Editor’s Note: Auburn Mass Daily typically runs obituaries for people with a direct connection to Auburn. Alta Eaton is an exception. Alta is not the most common name, so it caught my attention when reviewing an e-mail of recent area deaths. I knew an Alta, from Sutton, who volunteered for years at Old Sturbridge Village. She could frequently be found at the Knight Store or the Bullard Tavern. My sense of recognition was confirmed as I read through Mrs. Eaton’s obituary.
As regular visitors to OSV over the last 10 years, my kids probably spent hours interacting with Mrs. Eaton, learning about the history of our country and life in the 1860s. I remember her telling us at one time that she lived in Sutton on Singeltary, where my family also spends much time at my in-law’s house on the lake. She was one of eight children, and we occasionally spoke of the blessings and challenges of large families. Whether it was these small connections, or whether Mrs. Eaton just had a terrific recall for faces, I will never know. But she always recognized us when we encountered her on our visits.
I am certain other of our readers have encountered Mrs. Eaton at OSV. Perhaps some have even come to know her in the way we had; as a recognizable and welcoming figure at our beloved museum. People touch our lives in many small but significant ways. Such is the case with Alta MacLaren Eaton, who volunteered at the Village until the ripe age of 89, sharing her love of history and, in turn, spawning new generations of American history buffs.
We extend our condolences to Mrs. Eaton’s family and friends, while at the same time acknowledging that her life was rich and meaningful. We would like her family to know that Mrs. Eaton touched lives in ways they may not be aware, or even imagined. Her stories and lessons, in some small part, helped shape my children in a positive way, and for that we are forever grateful.
Alta MacLaren Eaton, 91, passed away on September 1, 2016. Born in Sutton on February 2, 1925, Alta was the youngest child of eight born to Harold Logan MacLaren and Maude Lincoln Ray. She was the beloved wife of the late John A. “Al” Eaton, who died in 1991.
Part of the Greatest Generation, Alta was a homemaker and mother while Al served in the United States Army in Europe during WW II. Always fashionable, during the 1950’s she was a partner in a dress shop called The Studio in Millbury. Alta loved a good party, and in the 1960’s and early 1970’s, she and Al made their home on Lake Singletary in Sutton where they entertained their friends and family year-round. She and Al spent their golden years traveling together in their Airstream, spending winters in Ft. Myers, FL. She was a past Deputy Grand Matron of the Massachusetts Order of the Eastern Star, and fiercely proud of her Scottish heritage. Creag an Tuirc!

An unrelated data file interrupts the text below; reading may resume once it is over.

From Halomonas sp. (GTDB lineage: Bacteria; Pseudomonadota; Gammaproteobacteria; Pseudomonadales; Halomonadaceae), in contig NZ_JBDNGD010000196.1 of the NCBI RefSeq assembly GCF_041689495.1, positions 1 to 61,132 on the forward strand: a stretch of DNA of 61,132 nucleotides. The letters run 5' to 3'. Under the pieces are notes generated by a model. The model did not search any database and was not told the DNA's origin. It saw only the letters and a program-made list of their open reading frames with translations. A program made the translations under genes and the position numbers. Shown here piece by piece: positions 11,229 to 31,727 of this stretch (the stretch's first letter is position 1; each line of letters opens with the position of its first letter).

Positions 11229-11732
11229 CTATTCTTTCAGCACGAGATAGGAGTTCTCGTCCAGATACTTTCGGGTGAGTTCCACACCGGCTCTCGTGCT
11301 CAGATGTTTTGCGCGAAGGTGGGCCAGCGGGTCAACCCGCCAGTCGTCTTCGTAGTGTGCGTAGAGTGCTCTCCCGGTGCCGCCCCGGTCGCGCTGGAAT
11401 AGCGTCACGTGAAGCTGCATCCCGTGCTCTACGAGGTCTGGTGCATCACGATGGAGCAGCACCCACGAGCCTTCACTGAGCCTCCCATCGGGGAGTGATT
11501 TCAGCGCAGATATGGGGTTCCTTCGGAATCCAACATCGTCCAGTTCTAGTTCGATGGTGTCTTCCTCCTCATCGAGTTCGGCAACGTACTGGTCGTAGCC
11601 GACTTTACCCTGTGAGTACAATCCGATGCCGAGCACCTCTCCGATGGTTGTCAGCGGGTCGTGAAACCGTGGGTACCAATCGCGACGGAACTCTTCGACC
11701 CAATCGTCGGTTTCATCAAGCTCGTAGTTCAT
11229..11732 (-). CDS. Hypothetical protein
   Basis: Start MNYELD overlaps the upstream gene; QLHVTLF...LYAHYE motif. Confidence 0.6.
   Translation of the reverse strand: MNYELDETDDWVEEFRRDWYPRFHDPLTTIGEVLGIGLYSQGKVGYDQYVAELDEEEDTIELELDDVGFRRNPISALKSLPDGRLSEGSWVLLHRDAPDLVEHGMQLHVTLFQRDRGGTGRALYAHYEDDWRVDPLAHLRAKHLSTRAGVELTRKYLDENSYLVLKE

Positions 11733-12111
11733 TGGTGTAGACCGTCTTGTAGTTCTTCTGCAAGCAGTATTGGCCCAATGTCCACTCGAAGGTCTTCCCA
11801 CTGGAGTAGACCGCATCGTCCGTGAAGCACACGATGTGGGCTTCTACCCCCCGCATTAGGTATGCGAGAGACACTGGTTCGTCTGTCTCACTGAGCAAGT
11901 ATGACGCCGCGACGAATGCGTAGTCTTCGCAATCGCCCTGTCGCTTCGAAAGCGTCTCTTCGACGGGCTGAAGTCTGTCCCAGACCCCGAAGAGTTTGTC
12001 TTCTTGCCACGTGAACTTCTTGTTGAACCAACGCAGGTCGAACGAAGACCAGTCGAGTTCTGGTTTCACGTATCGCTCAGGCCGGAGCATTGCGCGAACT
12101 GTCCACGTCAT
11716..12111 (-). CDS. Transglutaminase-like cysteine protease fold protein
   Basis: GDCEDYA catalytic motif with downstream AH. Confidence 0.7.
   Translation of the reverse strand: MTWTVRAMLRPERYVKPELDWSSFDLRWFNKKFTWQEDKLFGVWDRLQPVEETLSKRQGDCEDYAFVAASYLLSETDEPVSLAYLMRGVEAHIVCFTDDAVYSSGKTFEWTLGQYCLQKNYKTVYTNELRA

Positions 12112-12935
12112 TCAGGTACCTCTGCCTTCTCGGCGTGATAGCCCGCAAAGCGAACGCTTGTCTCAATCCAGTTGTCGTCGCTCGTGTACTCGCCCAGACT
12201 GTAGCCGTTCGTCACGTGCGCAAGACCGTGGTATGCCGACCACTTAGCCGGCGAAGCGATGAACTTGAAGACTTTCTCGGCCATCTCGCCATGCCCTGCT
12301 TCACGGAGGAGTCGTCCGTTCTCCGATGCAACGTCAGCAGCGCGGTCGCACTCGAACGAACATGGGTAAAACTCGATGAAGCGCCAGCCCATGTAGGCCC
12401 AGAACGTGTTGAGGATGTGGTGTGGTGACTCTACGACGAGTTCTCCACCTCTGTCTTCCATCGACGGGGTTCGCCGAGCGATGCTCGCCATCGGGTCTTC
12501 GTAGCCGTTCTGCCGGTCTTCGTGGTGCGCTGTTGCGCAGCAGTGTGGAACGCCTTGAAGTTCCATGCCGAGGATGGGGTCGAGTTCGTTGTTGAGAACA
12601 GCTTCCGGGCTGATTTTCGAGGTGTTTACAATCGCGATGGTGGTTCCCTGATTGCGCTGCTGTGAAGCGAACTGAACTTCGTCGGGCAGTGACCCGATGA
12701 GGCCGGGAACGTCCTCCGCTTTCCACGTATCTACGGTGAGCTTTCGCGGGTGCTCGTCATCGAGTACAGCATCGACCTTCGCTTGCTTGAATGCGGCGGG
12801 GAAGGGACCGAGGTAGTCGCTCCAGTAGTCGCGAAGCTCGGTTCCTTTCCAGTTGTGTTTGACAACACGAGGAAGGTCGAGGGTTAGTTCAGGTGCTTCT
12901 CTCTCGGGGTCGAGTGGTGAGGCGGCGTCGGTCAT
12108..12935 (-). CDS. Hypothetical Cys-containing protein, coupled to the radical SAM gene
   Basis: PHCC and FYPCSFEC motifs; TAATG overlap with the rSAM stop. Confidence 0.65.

Alta was perhaps best known as a costumed interpreter at Old Sturbridge Village. She was an American history buff and her natural flair for drama served her well as she brought the 1830’s to life to thousands of visitors. She retired from OSV in May of 2014 at the age of 89.
Alta is survived by her son Jeffrey Eaton of Perkinsville, VT; her son-in-law Rynard Gundrum, Sr.; her granddaughter Ingrid Gundrum and her husband Andy Crandall; her grandson Rynard Gundrum, Jr. and his wife Susan, all of Grafton, NY; her granddaughter Laura McLaughlin and her husband Sean of Anchorage, Alaska; and her sister-in-law Rita Eaton Johnson and brother-in-law James Eaton, both of Worcester. Alta was grandmother to thirteen great-grandchildren, and aunt to many nieces and nephews who adored their “Auntie Alta”. She was “Grammy Alta” to Katie Toomey and her husband Steve Chad, and dear friend to Claire Toomey, all of Worcester. In addition to her husband, Alta was predeceased by her seven siblings and her cherished daughter, Lois Eaton Gundrum.
Alta’s Memorial Service will be held on Saturday, November 26 at 10:00 a.m. at the First Congregational Church in Sutton. She will be laid to rest at Howard Cemetery in Sutton. Family and friends are invited to a reception at the church hall following the graveside ceremony.